Description - The Flambeau River State Forest was officially established in 1930. Beginning with 3,600 acres in public ownership, the forest has since grown to include 90,000 acres. Northern hardwood species such as sugar maple, red maple, yellow birch and white ash dominate the forest, which creates a spectacular fall display. As a result of the forest being established as early as 1930 some white pine stands are 300 years old.
Copyright: - Wisconsin Department of Natural Resources
Flambeau River State Forest
The North and South Forks of the Flambeau River combine within the forest to provide over 75 miles of nearly uninterrupted natural beauty and whitewater excitement. The river is a major life force of the forest and along its tree-lined shores one can see white-tailed deer, wolves, raccoon, black bear, otter, bald eagles and ospreys.
The forest is managed for both recreation and lumber producing approximately 300,000 board feet of lumber each year. Scenic areas within the forest include Little Falls / Slough Gundy, Big White Pine, Sobieski Flowage, and Bass Lake, all equally impressive.
- Camping at Flambeaqu River State Forest can be found along the shores of two great fishing lakes, Connors Lake at 429 acres and Lake of the Pines at 273 acres. All campsites are first-come, first-served. Mid-size RVs can be accommodated. The park sells firewood on an honor basis.
Hikers and mountain bikers share numerous wide trails. A number of short hikes easily accommodate campers linking them to other park facilities and trails. The park does offer 60 miles of off-road-vehicle and ATV trails that connect to Chequamegon National Forest. A favorite forest trail is the 14-mile Flambeau Hills Trail, which features river views while providing an excellent workout. The Oxbo Trail is designed as the name implies; numerous loop trails branch off one another in the north end of the forest.
Fishing the Flambeau River is world renown. Excellent catches of walleye, muskie and bass await the knowledgeable angler. The popular river is also known as one of the country's finest canoe and whitewater rivers. The lazy North Fork stretch is ideal for families while large boulders create challenging thrills for advanced paddlers running the South Fork stretch. A total of 75 miles of uninterrupted natural beauty and stimulating floating is found along the Flambeau River. The forest offers seven canoe landings and 14 canoe campsites.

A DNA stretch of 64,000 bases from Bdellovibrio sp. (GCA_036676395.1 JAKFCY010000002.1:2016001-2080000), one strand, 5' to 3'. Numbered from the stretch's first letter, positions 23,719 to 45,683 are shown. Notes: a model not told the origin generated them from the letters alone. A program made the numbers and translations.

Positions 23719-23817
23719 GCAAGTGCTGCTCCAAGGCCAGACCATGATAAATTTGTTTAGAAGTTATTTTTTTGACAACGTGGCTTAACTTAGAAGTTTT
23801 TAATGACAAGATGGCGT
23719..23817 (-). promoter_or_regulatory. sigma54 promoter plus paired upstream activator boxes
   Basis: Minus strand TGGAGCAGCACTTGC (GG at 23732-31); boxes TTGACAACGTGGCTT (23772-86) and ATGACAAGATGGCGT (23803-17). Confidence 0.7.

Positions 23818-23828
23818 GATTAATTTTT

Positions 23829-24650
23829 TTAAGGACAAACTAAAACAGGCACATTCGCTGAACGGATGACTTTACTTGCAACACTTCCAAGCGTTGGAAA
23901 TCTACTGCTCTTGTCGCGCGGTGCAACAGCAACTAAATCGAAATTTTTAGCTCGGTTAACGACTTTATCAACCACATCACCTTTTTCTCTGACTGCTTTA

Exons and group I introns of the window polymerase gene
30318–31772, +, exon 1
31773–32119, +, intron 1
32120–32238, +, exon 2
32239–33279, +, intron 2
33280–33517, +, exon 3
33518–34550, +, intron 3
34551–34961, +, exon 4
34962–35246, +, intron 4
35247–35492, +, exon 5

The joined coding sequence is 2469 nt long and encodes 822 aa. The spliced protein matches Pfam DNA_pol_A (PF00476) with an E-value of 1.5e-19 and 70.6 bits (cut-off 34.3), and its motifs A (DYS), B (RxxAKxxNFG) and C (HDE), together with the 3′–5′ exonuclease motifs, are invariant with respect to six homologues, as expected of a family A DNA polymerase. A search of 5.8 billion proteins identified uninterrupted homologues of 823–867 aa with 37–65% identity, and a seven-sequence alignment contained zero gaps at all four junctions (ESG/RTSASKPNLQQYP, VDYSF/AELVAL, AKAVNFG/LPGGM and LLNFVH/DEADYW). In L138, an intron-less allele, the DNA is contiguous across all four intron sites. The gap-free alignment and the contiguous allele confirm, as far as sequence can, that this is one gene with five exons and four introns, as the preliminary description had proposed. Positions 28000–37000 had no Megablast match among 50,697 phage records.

In winter, snowmobilers and cross-country skiers dominate the outdoor pleasure including such highlights as annual candlelight skis. Two of the 22 miles of cross-country trails are groomed.
Musky, sturgeon, trout, walleye, bass, and pan fish can be caught from the Flambeau River as well as the pristine lakes in the forest. The entire 87,000-acre forest is open to public hunting for black bear, waterfowl, white-tailed deer, and ruffed grouse.
Recreation - The historic Flambeau River State Forest boasts camping, canoe camping, whitewater paddling, mountain bike trails, hiking trails, snowmobile and cross-country ski trails, scenic lake views, fishing, swimming, hunting, wildlife watching, and more.
Climate - Northwest Wisconsin has four distinct seasons with warm summers and long winters. Great Lakes Michigan and Superior tend to make summers cooler and winters milder close to shore. January's average temperature is in the single digits F (-teens C). During summer, temperatures can climb to above 90 degrees F for several days (32 degrees C). Nighttime summer temperatures occasionally dip below freezing. The area's average yearly precipitation ranges from 32-34". Annual snowfalls in the Northwest Region have a wide range; the southern areas may receive 20" while the northern areas may receive in excess of 200". Dressing in layers is a good way to remain comfortable in Wisconsin.
The Flambeau River State Forest is located in north central Wisconsin sharing boundaries with the Chequamegon National Forest.